Creating records of eruptive events through time is incredibly important; these records can give us a huge wealth of information about the history of a volcano. The knowledge we can gain from eruptive records is critical to understanding what hazards a volcano may pose in the future, including: how often the volcano erupts, the style… Read More Secrets of the sea: what can submarine sediments tell us about volcanoes?
Derek Keir has recently been awarded a little over half a million pounds through a NERC large grant. Project Rift Volcanism: Past, Present and Future aims to use various geophysical techniques, petrology and geology to understand volcano behavior and hazards in the Ethiopian rift. Derek will be leading the seismology component in collaboration with the… Read More NERC grant awarded to Dr Derek Keir for project: Rift Volcanism: Past, Present and Future
A few years ago I was lucky enough to witness the infamous summit eruption of Eyjafjallajökull in 2010. Despite all the hassle it caused, especially the financial losses incurred by the aviation industry, the eruption created more awareness of the importance of volcano research in the UK. Subsequent studies of the Eyjafjallajökull eruption have advanced… Read More The 4 year anniversary of the Eyjafjallajökull eruption: My eyewitness account
Tony Blair and Gordon Brown, the England football team and trophies, UKIP and meteorology, are just some examples of things that don’t seem to work together, but I believe science and the arts do not belong in this category. Instead, the principles and practices used in these two dis ciplines, when mixed well, can benefit… Read More Science and the arts: Can opposites attract?
What is the fate of the volatiles that are stored in trench sediments, igneous crust and hydrated lithospheric mantle and that are transported into a subduction zone? G&G Marie Curie Research Fellow Jacob Geersen has been involved in recently published research, that constrains and compare the input and output fluxes of water, chlorine and sulfur into the Central Chilean… Read More What goes in must come out?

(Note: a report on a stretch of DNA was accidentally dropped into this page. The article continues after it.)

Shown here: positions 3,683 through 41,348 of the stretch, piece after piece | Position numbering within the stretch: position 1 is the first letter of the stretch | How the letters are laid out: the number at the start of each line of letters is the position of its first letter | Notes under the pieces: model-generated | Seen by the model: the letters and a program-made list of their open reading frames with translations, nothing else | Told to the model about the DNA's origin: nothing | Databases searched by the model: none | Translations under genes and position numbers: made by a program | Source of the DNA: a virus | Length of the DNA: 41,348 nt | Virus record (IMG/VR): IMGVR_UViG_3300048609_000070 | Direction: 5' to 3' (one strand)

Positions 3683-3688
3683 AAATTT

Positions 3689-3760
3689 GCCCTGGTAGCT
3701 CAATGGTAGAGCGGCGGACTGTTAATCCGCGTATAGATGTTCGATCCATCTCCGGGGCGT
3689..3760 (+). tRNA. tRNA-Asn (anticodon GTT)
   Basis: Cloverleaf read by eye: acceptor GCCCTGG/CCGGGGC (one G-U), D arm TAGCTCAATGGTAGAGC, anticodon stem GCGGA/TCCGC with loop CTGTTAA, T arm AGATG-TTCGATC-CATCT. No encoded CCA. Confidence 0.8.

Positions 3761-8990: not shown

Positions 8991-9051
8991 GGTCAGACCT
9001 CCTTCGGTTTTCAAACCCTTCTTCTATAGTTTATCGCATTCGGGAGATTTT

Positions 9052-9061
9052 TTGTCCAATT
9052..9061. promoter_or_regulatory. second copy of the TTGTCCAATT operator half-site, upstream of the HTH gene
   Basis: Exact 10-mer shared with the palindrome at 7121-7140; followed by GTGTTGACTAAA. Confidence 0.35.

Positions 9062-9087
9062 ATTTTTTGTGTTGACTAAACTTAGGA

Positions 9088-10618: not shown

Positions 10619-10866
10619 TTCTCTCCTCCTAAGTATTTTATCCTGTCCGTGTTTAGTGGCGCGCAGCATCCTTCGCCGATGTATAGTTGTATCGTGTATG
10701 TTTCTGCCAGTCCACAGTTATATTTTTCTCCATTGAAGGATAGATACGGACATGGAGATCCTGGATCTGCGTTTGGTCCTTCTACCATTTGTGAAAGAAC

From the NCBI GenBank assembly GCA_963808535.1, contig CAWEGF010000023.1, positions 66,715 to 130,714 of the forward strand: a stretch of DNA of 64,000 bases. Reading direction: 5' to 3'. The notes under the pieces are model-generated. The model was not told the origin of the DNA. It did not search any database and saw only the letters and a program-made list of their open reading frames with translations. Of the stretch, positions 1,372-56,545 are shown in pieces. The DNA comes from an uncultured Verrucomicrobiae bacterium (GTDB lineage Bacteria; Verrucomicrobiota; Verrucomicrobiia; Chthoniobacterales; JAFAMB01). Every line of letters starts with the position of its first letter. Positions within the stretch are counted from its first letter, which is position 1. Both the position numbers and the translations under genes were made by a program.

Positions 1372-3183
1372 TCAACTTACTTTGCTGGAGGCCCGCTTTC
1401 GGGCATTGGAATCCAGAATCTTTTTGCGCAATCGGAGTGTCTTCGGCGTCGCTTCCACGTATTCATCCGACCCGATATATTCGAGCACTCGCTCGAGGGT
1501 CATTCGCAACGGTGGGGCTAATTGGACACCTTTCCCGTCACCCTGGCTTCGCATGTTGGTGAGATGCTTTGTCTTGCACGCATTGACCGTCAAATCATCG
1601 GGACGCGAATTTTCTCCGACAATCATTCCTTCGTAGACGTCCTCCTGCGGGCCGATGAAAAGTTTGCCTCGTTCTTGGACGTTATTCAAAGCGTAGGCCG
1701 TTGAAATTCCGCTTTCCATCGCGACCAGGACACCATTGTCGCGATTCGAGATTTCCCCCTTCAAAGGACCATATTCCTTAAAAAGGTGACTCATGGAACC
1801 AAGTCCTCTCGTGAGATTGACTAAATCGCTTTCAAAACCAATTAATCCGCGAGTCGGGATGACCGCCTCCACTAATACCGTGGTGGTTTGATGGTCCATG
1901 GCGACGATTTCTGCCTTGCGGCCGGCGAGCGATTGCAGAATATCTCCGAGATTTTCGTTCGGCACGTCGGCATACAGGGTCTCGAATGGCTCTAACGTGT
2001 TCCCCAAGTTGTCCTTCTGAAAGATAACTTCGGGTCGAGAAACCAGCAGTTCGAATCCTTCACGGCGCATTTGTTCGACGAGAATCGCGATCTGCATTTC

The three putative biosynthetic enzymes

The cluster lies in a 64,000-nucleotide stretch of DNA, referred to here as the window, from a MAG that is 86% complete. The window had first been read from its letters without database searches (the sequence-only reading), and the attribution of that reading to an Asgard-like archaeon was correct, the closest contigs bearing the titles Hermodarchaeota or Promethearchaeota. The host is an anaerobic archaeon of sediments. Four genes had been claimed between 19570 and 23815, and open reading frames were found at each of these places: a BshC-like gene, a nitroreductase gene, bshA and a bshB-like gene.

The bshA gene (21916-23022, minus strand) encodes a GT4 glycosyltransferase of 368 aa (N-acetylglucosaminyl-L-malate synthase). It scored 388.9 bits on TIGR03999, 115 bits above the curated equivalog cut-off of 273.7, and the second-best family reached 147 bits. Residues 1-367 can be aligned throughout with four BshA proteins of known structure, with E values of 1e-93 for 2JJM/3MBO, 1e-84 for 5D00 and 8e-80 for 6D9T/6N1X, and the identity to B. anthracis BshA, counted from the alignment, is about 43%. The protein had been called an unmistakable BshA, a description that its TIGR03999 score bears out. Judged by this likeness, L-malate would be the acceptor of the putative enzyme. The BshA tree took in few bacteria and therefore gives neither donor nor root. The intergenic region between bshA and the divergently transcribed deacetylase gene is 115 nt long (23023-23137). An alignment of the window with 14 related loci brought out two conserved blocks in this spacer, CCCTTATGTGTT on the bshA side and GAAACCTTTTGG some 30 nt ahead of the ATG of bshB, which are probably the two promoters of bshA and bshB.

Volcanoes commonly form on the flanks of young continental rifts, whereas in more evolved rifts the volcanism is more commonly in the rift centre. Derek Keir, Lecturer in Earth Science from the Geology and Geophysics research Group, contributed to a team that modelled the stress field below rift grabens of varying width and depth caused… Read More Off-rift volcanism in rift zones determined by crustal unloading, new paper in nature Geoscience
Catherine Annen from Bristol University, with Tim Minshull and former PhD student Michele Paulatto from G&G, have published a paper in the Journal of Petrology in which they estimate on different timescales the rate that magma flows into the magma storage region beneath the active Soufriere Hills Volcano. They use computer models of magma chamber… Read More Magma fluxes at Soufrière Hills Volcano, Montserrat
I was recently lucky enough to spend some time in Japan as part of a scientific conference in the southern-most tip of Kyushu along with my colleague Sebastian Watt. The conference was called IAVCEI, and is the ‘world cup’ of volcanology meetings, as these international gatherings only occur every 4 years. This was my first… Read More A particularly volcanic volcano conference, Japan – by Mike Cassidy